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How to Build a Secret Product

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How to Build a Secret Product

Shhh! We can't talk too much about the new project Raygun is working on, but we can tell you some of the ways they are developing it.

· Agile Zone ·
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The Raygun team has been super busy working on a top-secret project, called Proton.

Project Proton has been an ambitious project from the beginning, and while I can’t go into the details yet, I can share the biggest lessons that we’ve learned as a company and reveal some useful tools that we’ve used along the way, such as:

  • Start the way you mean to finish;
  • Articulating the "why";
  • Get the hell out of the building;
  • Keep competitors in the rear-view mirror;
  • Focus on building value, not features; and,
  • Document, document, and document.

Start the Way You Mean to Finish

A few broad strokes and an enthusiastic speech from the leadership team later, Project Proton was officially in full swing. I was charged with bringing the vision to life and making it a huge success.

Talk about pressure! So where did I start?

I started with writing the official press release. Press releases are short and sweet one-pagers, detailing your target audience and what benefits your product/project will bring. This frames the finished work by stating what we would (and wouldn’t) include in the final release.

Here's how to write a press release by Hubspot, and see a sample Raygun press release.

Articulating the “Why”

I’m a big fan of Simon Sinek’s book Start with Why. Starting with why (or our reason for doing something) helps to align our teams with the same goal, understand what we are trying to achieve, and build long-term success.

Sounds simple right? In reality, it’s super hard, because building shared understanding is hard. Even when there are clear and strategic WHYs for doing something, it can be hard to articulate them in a way that resonates well with different teams. Executive, Engineering, Product, Sales, Marketing, and Customer Success all require a tailored interpretation of the WHYs and the impact they will have on a specific team/individual.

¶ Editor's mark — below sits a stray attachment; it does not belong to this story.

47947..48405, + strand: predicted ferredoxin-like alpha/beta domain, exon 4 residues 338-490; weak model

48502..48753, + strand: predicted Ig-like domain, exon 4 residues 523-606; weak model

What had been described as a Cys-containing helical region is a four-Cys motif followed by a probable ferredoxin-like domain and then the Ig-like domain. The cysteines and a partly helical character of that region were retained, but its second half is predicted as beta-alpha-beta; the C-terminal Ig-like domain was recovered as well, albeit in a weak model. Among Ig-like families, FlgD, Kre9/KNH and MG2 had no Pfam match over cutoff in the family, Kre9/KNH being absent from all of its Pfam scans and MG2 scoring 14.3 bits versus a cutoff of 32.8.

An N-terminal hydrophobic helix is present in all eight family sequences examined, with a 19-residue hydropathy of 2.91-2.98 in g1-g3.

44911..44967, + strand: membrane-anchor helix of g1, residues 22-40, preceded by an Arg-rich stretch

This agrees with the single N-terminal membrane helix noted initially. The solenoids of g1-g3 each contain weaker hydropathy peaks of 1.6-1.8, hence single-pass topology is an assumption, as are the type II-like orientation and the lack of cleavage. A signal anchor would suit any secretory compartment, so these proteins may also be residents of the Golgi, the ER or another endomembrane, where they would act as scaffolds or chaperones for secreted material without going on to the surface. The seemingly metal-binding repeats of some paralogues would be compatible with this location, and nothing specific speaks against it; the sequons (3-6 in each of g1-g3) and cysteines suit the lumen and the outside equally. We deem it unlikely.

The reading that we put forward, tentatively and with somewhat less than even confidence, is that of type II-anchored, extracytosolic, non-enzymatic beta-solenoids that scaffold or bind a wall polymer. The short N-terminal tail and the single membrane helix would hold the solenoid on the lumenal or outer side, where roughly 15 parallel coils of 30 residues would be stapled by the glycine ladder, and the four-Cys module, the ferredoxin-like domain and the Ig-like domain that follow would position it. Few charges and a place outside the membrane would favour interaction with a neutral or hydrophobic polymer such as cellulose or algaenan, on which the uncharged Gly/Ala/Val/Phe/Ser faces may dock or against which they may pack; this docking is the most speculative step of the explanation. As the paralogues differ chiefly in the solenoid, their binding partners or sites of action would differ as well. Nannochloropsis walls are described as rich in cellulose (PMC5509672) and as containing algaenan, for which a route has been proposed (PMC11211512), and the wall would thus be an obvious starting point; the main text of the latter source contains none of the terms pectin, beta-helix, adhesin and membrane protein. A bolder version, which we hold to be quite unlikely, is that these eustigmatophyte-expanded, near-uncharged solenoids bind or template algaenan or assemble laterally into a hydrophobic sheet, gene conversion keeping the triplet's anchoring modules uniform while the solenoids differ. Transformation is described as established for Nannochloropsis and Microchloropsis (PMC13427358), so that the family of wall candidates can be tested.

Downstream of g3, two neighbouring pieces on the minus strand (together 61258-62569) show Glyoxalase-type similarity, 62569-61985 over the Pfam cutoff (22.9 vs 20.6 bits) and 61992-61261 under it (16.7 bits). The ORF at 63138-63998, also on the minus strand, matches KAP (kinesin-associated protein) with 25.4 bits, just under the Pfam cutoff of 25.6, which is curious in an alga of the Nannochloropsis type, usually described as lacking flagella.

That’s when concept stories can help to articulate the WHYs to the different target audience and your stakeholders and teams. For us, as soon as the Proton concept stories were written, everything began to align and make sense.

Start with Why: How Great Leaders Inspire Everyone to Take Action by Simon Sinek
The User’s Journey: Storymapping Products That People Love by Donna Lichew

Get the Hell out of the Building

Now that you understand what you are trying to create and why you are creating it, momentum will start to build. The urge to start coding/putting pixels on a screen/putting up post-its will be at an all-time high. That’s when you need to stop, take a deep breathe and simply get the hell out of the building.

When we embarked on this project, the first thing we did, was to get out of the building and start doing customer discovery to understand the problems we are trying to solve, the incumbent solutions on the market, and to validate our assumptions.

For us, this meant buying some customers free lunch, while we discussed what we came to learn. Like Steve Blank says, “There are no facts inside the building so get the hell outside.”

The Four Steps to the Epiphany by Steve Blank

Competitors in the Rearview Mirror

My favorite Mad Men episode of all time, is "The Chrysanthemum and the Sword" (S4, E5). I especially loved how Don Draper outmaneuvered a rival who was in his “rearview mirror.”